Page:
Asthma is a major public health problem affecting over 23 million people in the US, resulting in excess of $50 billion in healthcare expenditures per year. There is increasing evidence suggesting that in utero exposures can influence the genome resulting in increased susceptibility to asthma. In utero smoke (IUS) exposure has been associated with asthma susceptibility; however, the biologic mechanisms underlying this association have not been fully elucidated. MicroRNAs (miRNAs) are known to fine-tune the relative expression of hundreds of target genes and provide stability to gene expression regulatory networks. Animal models demonstrate that miRNAs are integral to normal in utero development, and that abnormal miRNA expression during development results in postnatal disease, suggesting that miRNAs that are modified during development by IUS exposure may be critical determinants of asthma susceptibility later in life. However, the role of miRNAs has neither been investigated in the context of IUS exposure in human lung development, nor in the developmental origin of asthma. We propose a novel integrative genomics approach incorporating miRNAs, gene expression, and DNA methylation in human subjects to investigate the role of miRNAs and their integrative networks (INs) in lung development and asthma susceptibility. Our proposal describes our plan to: identify miRNAs and the INs that are expressed, and modified by IUS exposure in developing human lung, and are also associated with asthma susceptibility and disease severity. In addition to vastly expanding our knowledge of the role miRNAs and their INs in human lung development and the signature of IUS exposure, this project will aid in the identification of pathways for novel therapeutic agents for the treatment of asthma.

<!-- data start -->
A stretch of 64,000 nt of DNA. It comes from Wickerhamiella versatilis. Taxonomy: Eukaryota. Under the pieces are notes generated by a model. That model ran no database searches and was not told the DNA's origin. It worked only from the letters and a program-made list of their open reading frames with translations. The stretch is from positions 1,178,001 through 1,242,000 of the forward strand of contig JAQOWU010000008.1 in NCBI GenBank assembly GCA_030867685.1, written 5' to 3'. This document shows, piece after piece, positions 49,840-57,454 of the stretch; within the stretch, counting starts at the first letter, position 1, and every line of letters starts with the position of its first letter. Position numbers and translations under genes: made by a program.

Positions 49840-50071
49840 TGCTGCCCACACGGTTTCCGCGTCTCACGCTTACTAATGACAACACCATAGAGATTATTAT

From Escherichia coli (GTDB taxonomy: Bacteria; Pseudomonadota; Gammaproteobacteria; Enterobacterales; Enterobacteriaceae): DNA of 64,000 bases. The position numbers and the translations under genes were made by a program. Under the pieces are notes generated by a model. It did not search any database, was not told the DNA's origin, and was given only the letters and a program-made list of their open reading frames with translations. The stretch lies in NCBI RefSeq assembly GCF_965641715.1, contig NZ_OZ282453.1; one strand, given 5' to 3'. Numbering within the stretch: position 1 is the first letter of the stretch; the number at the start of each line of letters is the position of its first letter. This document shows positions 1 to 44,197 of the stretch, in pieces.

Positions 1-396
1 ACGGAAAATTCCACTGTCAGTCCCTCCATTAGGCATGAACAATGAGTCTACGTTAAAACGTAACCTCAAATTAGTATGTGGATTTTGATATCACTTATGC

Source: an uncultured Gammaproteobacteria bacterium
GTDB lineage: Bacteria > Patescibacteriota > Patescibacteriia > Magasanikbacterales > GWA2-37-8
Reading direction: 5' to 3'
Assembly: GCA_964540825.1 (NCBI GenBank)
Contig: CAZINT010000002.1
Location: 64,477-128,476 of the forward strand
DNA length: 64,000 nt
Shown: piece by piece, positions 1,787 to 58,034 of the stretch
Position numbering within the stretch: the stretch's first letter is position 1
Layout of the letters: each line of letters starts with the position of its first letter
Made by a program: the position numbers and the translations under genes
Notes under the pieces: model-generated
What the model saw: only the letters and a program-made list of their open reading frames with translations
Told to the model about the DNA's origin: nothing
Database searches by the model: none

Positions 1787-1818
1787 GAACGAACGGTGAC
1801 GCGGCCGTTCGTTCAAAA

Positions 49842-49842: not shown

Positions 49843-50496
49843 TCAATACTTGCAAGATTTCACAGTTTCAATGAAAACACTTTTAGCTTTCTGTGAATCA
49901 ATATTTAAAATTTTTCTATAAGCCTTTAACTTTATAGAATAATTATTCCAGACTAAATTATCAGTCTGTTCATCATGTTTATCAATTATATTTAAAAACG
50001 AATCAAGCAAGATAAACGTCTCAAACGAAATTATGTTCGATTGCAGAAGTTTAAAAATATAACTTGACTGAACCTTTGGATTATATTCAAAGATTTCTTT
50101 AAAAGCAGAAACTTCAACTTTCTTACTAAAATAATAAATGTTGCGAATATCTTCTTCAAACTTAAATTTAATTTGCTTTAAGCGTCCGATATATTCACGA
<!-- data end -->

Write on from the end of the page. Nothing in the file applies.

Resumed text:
Public Health Relevance

This project seeks to identify microRNAs that are associated with in utero smoke (IUS) exposure in the human lung that may be a biomarker for asthma susceptibility later in life. Identification of an integrative network of IUS exposure during human lung development, which includes genomic and epigenetic data, may identify microRNAs and pathways for novel therapies and targeted preventive strategies for asthma. Since asthma remains a leading cause of childhood hospitalizations, school absences, and missed days of work in the United States, both novel therapies and preventive strategies have the potential to substantially decrease the morbidity and financial burden related to asthma worldwide.

Agency
National Institute of Health (NIH)
Institute
National Heart, Lung, and Blood Institute (NHLBI)
Type
Research Project (R01)
Project #
5R01HL125734-04
Application #
9658546
Study Section
Infectious Diseases, Reproductive Health, Asthma and Pulmonary Conditions Study Section (IRAP)
Program Officer
Lachowicz-Scroggins, Marrah Elizabeth
Project Start
2016-04-01
Project End
2021-02-28
Budget Start
2019-03-01
Budget End
2020-02-29
Support Year
4
Fiscal Year
2019
Total Cost
Indirect Cost
Name
University of Colorado Denver
Department
Internal Medicine/Medicine
Type
Schools of Medicine
DUNS #
041096314
City
Aurora
State
CO
Country
United States
Zip Code
80045
Kho, Alvin T; McGeachie, Michael J; Moore, Kip G et al. (2018) Circulating microRNAs and prediction of asthma exacerbation in childhood asthma. Respir Res 19:128
Li, Xuan; Fu, Yuejiao; Wang, Xiaogang et al. (2018) Detecting Differentially Variable MicroRNAs via Model-Based Clustering. Int J Genomics 2018:6591634
Sharma, Sunita (2017) The Epigenetics of Intrauterine Smoke Exposure: Can Maternal Vitamin C Supplementation Prevent Neonatal Respiratory Disease? Am J Respir Crit Care Med 196:672-674